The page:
Our reviewer in Tribeca…


Maysa Moncao has been hitting the film festival circuit hard, this time at Tribeca. She sends back this review of the Viggo Mortensen drama Far From Men. Check out her LinkedIn profile for more and contact details.

What can happen when an experienced actor meets a young filmmaker who is open to new ideas?

Besides being able to speak French, Arabic and Spanish, Viggo Mortensen knows that less talk is a must in a movie. In a film about conflicts in the desert, dialogues can be saved and substituted by body language. That is the biggest contribution Viggo could have given to Far From Men.

After The Cut (2014), a movie that did not do so well on sales, a war in Algeria is the central plot in the production. Mortensen plays a teacher isolated in the desert, a man of principles and a former major in the Army, whose mission is to deliver an Algerian dissident to a tribal judgement.

Of course, the country is a no man’s land, where ethnic and religious conflicts rule everywhere. Man become prisoner and in order to survive he needs to choose a side in the war. That is not the case of Daru (Mortensen), hence this is his biggest obstacle.

The movie is a free adaptation of a Camus short tale, in which only the situation and the characters were preserved. Nick Cave wrote the soundtrack. By the way, Cave is constantly involved in scriptwritings and cinema (Lawless and Twenty Days On Earth).

In Far From Men, the original idea was to shoot in Algeria and catch the natural light of the desert, but it turned out to be unpracticle due to safety reasons. The solution was to fly to Morocco. The movie was shot in 8 weeks.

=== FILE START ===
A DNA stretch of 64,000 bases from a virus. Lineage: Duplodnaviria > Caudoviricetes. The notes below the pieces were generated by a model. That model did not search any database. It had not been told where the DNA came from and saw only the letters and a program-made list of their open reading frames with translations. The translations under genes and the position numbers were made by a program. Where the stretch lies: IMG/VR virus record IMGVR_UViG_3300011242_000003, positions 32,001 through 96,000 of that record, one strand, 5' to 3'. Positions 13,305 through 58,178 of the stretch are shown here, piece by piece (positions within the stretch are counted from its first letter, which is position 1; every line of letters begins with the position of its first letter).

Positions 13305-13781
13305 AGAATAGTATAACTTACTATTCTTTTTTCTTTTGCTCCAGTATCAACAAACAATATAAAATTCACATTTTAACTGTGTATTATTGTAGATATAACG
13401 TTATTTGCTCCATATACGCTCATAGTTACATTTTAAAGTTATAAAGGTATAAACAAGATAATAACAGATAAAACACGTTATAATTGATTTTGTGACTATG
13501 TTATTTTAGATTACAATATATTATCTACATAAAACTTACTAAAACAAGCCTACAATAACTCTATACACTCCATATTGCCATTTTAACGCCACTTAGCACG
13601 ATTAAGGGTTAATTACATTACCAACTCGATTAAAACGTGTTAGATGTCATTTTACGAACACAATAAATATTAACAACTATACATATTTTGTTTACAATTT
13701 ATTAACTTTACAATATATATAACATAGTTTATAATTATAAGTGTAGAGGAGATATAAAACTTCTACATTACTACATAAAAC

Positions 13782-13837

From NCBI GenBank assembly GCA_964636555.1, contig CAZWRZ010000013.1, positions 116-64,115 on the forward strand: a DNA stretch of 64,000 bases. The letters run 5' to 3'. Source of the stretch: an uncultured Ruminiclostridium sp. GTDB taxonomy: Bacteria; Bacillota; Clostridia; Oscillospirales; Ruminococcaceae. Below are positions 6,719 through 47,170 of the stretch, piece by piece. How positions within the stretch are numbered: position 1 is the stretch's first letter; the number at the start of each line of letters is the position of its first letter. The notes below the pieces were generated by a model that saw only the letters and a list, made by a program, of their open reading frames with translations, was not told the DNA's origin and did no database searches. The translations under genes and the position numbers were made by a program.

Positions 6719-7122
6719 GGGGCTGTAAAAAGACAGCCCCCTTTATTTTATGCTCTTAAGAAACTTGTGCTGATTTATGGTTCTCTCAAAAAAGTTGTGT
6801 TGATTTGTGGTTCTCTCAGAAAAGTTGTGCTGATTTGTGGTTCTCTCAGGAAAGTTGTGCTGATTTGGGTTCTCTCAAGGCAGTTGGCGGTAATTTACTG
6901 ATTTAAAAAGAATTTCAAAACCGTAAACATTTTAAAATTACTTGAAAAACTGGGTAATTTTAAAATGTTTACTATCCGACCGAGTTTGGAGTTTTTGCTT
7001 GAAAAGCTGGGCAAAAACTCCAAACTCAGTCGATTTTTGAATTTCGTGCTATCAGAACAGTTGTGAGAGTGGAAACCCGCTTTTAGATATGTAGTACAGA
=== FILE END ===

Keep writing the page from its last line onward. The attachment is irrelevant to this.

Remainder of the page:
It was a difficult task to transfer the classical structure of a Western into a political and historic conflict, and obviously by doing so the director David Oelhoffen highlighted the moral and personal duties of the two main roles. In war times, getting hold onto your principles and values is a utopia. Finally, everything is reduced to the matter of how difficult and fragile it is to achieve a brotherhood feeling.

It touches a still a taboo topic in France: the war in Algeria launches a pletora of unsolved problems to the audience. The movie was shown in France for a short period of time, but it was relesed in Algeria too.

International distribution comes courtesy of Pathè.

Maysa Moncao









Born in France, David Oelfhoffen has directed the short films “Le mur”, “Big Bang”, “En mon absence”, and the feature °In your wake”.


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